Starting with Red State three years ago, Kevin Smith has just decided to make the movies he really wants to make. While many Smith fans are waiting for Clerks III, or his detractors are waiting him to finally retire as he stated after Cop Out, he keeps coming up with original ideas for movies, things that don’t show up in movies these days, the majority of which seem to be adaptations, reboots, or sequels. And while Tusk itself is an adaptation, it is probably the first movie adapted from a podcast, or at least the first major* release. This unique origin probably adds to quirkiness of the movie.

*Even though Tusk is a independent movie with a relatively small budget, it is getting a wide release, and has the weight of Kevin Smith behind it, so it will get a little more attention than other independent movies.

Continue reading

Book Review: Outliers: The Story of Success

What is an outlier? According to Malcolm Gladwell and his book Outliers, an outlier is a “scientific term to describe things or phenomena that lie outside normal experience.” In the book, Gladwell points to various outliers in society, weaving a narrative that the people we see as successful are more a product of their circumstances and less a product of their intelligence and ambition.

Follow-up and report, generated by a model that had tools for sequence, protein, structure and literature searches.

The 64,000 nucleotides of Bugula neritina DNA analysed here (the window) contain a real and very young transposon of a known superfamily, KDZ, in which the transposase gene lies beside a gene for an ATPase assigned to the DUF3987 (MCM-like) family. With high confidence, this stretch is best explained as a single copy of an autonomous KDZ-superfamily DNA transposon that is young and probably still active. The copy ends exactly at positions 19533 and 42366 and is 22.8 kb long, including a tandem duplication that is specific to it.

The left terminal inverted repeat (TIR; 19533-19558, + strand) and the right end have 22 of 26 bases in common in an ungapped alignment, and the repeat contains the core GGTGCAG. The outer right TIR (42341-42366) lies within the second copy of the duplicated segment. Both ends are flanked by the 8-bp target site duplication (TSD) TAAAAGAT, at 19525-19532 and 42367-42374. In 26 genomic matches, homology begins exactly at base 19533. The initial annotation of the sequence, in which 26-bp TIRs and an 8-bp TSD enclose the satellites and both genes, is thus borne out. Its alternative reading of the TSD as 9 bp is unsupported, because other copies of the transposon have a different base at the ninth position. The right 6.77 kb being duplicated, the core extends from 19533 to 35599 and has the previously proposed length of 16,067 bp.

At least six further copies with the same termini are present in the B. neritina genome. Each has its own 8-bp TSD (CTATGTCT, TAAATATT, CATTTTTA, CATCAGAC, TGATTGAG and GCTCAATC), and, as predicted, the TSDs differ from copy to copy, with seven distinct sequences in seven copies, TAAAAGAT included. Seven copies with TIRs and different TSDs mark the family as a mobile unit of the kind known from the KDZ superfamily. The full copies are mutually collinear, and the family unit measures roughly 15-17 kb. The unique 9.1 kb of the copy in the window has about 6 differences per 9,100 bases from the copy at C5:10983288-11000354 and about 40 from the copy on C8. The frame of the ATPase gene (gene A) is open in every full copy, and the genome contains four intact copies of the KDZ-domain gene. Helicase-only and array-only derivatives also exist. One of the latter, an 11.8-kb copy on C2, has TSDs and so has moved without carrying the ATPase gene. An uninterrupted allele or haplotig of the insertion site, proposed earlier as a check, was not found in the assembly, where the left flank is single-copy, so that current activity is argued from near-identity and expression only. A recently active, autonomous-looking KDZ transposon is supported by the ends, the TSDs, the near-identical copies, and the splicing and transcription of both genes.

The stories Gladwell uses to illustrate this point are broke down into two different parts: opportunity and legacy. In discussing opportunity, the first story, and one that I found pretty interesting, is the birth dates of a couple of teams of elite junior hockey teams in Canada. Of course the players are all around the same age, between the ages of seventeen and nineteen, but what stood out was the birth month of the players. The majority of players were born in the first six months of the year, which struck Canadian psychologist Roger Barnsley and his wife as odd.

Upon further investigation, it turns out the cut off age for youth hockey is January 1st of each year. Because of this, the older children tended to be bigger than those born later in the year, and in the realms of youth hockey, size often trumps talent, especially at the younger ages. This size was a de facto ranking system for some of the “all star” teams, and these all star teams had the best coaches. By the time the real talent starts showing, the bigger kids have had so many hours of additional top flight coaching that they perform better than kids that were born later in the year. Continue reading